Tips for a Profile Makeover

First impressions are so important. The same is true with an online profile. Update your profile periodically to insure the impression someone receives is the one you want communicated.

First and foremost – be real. Tell the truth. Keep in mind eventually; you meet some of the people who read your profile. Do you really want to explain that sure, you were the quarterback, in high school but you never played a day in college? You don’t need to give the identifying specifics of your work, employer or where you live because that puts you at risk. Do put information that is accurate and honestly reflects you and your personality.

Update the photo. Use a recent photo that you’d show your mom or boss. A photo indicative of who you are so a professional glamor shot is probably not the way to go since really, is that you every day? Your high school yearbook photo, unless you are in high school, would probably not be very appealing. The photo gives that future person you might meet the opportunity to see your winning smile, your twinkling eyes. What is important is your face, not what you were doing in the picture.

Review your screen name – does it accurately reflect you in a manner that is inviting, nonthreatening and not going to embarrass you or the person reading about you? When did you create that screen name? The internet makes it easy to create an identity so maybe drinkUunder works with your football buddies but would that be inviting to your future date? Screen names can be an aspect of your given name, a phrase or a nickname. Choose something that helps build the tidal pull drawing interest towards you.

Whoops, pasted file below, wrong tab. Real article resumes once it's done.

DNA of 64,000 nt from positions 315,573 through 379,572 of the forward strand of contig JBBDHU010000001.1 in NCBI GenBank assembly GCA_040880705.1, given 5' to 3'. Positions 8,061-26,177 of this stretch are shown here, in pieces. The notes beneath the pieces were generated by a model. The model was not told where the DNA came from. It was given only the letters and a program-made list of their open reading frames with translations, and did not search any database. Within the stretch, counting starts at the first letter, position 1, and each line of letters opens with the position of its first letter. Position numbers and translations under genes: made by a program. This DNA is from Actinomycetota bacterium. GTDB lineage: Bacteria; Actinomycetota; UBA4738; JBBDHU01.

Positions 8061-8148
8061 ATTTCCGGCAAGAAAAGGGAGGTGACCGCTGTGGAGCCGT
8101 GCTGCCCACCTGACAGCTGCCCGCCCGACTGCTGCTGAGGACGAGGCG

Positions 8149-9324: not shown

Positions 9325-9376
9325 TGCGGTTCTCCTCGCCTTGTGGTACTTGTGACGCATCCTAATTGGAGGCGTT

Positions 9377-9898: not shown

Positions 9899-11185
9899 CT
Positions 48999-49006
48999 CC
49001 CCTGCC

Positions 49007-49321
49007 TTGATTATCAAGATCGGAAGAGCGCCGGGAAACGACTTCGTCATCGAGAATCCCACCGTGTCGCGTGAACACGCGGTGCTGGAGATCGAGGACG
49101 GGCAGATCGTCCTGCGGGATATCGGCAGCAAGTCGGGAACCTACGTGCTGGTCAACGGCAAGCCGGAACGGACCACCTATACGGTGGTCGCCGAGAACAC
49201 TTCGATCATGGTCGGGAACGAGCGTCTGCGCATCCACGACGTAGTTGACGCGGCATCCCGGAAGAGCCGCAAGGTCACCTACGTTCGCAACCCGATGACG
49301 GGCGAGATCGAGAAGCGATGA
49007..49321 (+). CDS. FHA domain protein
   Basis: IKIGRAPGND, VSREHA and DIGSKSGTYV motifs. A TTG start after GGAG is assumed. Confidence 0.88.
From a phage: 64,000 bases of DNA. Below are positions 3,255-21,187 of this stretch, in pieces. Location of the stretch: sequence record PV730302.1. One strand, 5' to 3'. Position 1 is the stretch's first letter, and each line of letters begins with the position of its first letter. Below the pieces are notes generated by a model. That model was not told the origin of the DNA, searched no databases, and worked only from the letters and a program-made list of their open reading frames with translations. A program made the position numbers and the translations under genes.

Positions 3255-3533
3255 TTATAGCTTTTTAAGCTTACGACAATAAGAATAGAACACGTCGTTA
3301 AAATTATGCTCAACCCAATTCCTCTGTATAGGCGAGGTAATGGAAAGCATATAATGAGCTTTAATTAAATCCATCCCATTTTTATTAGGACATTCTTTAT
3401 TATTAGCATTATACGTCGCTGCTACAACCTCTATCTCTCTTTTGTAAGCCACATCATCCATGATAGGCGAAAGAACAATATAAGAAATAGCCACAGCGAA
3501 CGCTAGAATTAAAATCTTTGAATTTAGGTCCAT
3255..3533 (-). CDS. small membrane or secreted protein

Remove generic, general information and give specifics about interests, hobbies, and occupation. What is important to you? “Likes sports” is generic – referees rugby, champion butterfly swimmer, avid hiker – this says something beyond sports are interesting to you. Don’t post to the world the specifics of your company because that could be risky. Do give a little more than a broad category. Keep in mind your work and interests are the meat for the profile reader. This is where decisions are made about is there commonality? Is this person interesting? If the screen name and photo are the bait, this part of the profile sets the hook.

Update the facts. If you completed that graduate program, does your profile still list you as a student? So you played on the national champion rugby team for ten years – ten years ago. Does your profile represent you as still playing? If a past fact is an important aspect of your personality and lifestyle, by all means include that fact. Just present the information accurately.

Review the general look. Is the page and profile’s appearance inviting? Is the font hard to read? Are the colors bright and garish or warm and beckoning? Is the text laid out so the reader flows through or gets stuck? Does the page invite the reader to read or skim, or worse, move on? If the site where your profile is presented allows user customization, take advantage. Change the default so you are not like everyone else’s page. The page itself represents you as much as the content so give thought towards what image you want the profile site to present and what that picture will say about you before any of the text is read.

Bottom line: Be real, use a representative photo and name, be specific and factual, and customize the page.

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